def sum_mutual_overlap(bids, asks, width=0.1):
    first_bin = int(min(bids)/width)
    last_bin = int(max(asks)/width)
    n = np.zeros(last_bin - first_bin + 1, dtype=np.int32)
    for bid, ask in zip(bids, asks):
        start = int(bid/width) - first_bin
        stop = int(ask/width) - first_bin
        n[start:stop+1] += 1
    return width * np.sum(n*(n-1)/2)

Computing the number of arbitrage opportunities

There is an arbitrage opportunity whenever the bid-ask range of one synthetic underlying is outside the bid-ask range of a second bid-ask range. Counting the number of arbitrage opportunities can also be done with an O(N) algorithm by keeping a running count of the bid and ask distributions while looping over the strikes.

def count_arb_violations(bids, asks, width=0.1):
    first_bin = int(min(bids)/width) - 1
    last_bin = int(max(asks)/width) + 2
    n_bids = np.zeros(last_bin - first_bin + 1, dtype=np.int32)
    n_asks = np.zeros(last_bin - first_bin + 1, dtype=np.int32)
    num_arbs = 0
    for bid, ask in zip(bids, asks):
        bid_bin = int(bid/width) - first_bin
        ask_bin = int(ask/width) - first_bin
        num_arbs += np.sum(n_asks[:bid_bin]) + np.sum(n_bids[ask_bin+1:])
        n_bids[bid_bin] += 1
        n_asks[ask_bin] += 1
    return num_arbs

Finding the optimal implied interest rate is done by looping over a range of trial interest rates, and picking the interest rate value that has the highest tot range overlap in the region with the lowest number of arbitrage counts. The plot below shows the result of the optimization. All interest rate values in the range [-0.8%, +1.4%] result in zero arbitrage opportunities. Inside that zero arbitrage region, the total area peaks for an interest rate of 0.48%.

The plot below shows the bid-ask ranges of the optimal implied interest rate of 0.48%. Compared to the least-squares fit we see that there is less tilt in the range diagram, and we also know that this solution is arb free. The green lines are the highest bid and lowest ask.

Below an example of an interest rate choice of r=1.55% that gives rise to arbitrage. The highest bid of the synthetic underlying (the leftmost value of the bottom of the region K=400) is higher than the lowest offer of the same synthetic underlying (lowest value of the top line of the region K=3500).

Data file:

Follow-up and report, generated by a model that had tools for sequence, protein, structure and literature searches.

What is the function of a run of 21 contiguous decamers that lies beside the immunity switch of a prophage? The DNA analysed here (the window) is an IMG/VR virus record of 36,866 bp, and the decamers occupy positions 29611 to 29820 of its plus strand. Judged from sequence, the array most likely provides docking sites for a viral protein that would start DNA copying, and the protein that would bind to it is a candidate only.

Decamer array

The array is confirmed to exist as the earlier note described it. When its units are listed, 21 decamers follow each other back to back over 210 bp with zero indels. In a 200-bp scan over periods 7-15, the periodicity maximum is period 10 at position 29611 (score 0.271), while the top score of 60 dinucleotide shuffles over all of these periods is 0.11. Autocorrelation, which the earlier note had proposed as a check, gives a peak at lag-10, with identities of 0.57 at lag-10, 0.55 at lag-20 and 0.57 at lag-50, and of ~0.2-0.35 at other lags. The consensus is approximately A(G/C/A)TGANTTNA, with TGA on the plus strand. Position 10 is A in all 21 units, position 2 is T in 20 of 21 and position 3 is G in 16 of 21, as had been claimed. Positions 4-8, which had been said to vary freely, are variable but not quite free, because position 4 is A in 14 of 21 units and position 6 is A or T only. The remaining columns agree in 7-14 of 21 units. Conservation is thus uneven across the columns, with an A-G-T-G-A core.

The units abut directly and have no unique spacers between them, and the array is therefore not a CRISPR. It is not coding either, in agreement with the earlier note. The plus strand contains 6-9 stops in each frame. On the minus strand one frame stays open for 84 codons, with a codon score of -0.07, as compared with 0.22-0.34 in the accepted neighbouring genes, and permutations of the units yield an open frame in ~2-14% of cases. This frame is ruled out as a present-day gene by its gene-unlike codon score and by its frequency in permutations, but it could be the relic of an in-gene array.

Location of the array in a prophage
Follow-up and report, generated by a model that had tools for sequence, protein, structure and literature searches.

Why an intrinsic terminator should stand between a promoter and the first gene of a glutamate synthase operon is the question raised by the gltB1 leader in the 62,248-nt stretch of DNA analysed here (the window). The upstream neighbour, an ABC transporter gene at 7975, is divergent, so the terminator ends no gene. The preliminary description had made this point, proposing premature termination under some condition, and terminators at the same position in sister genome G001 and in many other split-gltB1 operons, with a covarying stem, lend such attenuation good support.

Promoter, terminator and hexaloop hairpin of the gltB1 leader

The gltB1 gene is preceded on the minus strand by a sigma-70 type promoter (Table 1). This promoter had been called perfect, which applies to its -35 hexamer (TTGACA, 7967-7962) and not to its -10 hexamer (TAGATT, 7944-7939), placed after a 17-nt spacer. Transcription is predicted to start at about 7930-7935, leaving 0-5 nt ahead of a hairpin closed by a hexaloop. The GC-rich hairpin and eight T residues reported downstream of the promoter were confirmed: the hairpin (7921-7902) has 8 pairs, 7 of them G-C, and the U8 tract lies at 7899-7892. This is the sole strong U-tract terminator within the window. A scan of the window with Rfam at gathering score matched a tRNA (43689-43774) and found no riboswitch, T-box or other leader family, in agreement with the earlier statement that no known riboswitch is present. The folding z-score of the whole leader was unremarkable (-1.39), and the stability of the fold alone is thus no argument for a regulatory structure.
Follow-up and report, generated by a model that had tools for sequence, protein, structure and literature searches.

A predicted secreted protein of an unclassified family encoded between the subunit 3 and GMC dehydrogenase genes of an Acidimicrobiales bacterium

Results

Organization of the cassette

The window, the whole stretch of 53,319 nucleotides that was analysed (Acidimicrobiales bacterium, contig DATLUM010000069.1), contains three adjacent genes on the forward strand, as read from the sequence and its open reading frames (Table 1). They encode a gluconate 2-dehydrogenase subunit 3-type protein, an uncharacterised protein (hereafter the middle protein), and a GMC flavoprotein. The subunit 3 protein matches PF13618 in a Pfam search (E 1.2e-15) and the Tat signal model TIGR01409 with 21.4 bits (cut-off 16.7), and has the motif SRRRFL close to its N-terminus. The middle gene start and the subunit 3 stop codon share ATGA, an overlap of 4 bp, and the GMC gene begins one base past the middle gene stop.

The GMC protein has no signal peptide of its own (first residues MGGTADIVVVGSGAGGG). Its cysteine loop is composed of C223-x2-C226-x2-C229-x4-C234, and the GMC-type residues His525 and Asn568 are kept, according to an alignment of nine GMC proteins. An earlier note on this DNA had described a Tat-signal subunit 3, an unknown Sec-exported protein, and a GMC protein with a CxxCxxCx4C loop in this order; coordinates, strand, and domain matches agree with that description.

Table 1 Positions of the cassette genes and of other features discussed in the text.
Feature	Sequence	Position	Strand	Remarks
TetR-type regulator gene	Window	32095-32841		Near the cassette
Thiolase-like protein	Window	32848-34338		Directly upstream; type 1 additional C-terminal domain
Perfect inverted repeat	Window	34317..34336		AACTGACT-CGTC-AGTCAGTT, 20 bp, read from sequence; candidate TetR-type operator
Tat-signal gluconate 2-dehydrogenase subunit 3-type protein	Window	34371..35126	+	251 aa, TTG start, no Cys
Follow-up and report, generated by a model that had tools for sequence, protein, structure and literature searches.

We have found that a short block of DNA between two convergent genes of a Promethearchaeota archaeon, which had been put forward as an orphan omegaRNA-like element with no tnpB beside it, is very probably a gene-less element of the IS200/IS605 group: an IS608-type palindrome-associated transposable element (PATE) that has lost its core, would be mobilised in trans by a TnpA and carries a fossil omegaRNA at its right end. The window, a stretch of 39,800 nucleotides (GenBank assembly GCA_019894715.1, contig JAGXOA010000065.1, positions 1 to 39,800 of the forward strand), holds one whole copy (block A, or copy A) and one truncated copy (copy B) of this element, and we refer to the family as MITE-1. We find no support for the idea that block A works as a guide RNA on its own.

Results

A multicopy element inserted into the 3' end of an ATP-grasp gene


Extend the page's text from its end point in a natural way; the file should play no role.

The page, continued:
Implied dividend yield

Once we have estimated the optimal implied interest rate, we also have an estimate of the best bid and ask of the synthetic dividend adjusted stock price S0e^{-qt}. This value has two unknowns, the dividend yield that we are looking for, and the current stock price. A good estimate of the current stock price S0 can be gotten from the synthetic underlying based on option prices with the shortest time till expiration. When t is small, then e^{-qt} will be close to 1 for typical values of q (a typical value for q is 2%),and hence S0e^{-qt} \approx S0 .


So far we have discussed computing the implied interest rate and dividend yield for a single option expiration series. Repeating the same calculation for all option expirations gives an implied dividend and interest rate term structure. The plots below show the implied dividend and interest rate terms structures for the S&P500 options on Aug 4, 2020. The black lines show the optimal fits, the grey regions show the no-arbitrage bounds. The horizontal time-axis is linear in the top plot, and logarithmic in the bottom plot.

In follow-up posts we will:

  • look at the time evolution of these implied terms structures
  • move on to modeling implied volatility smiles and surfaces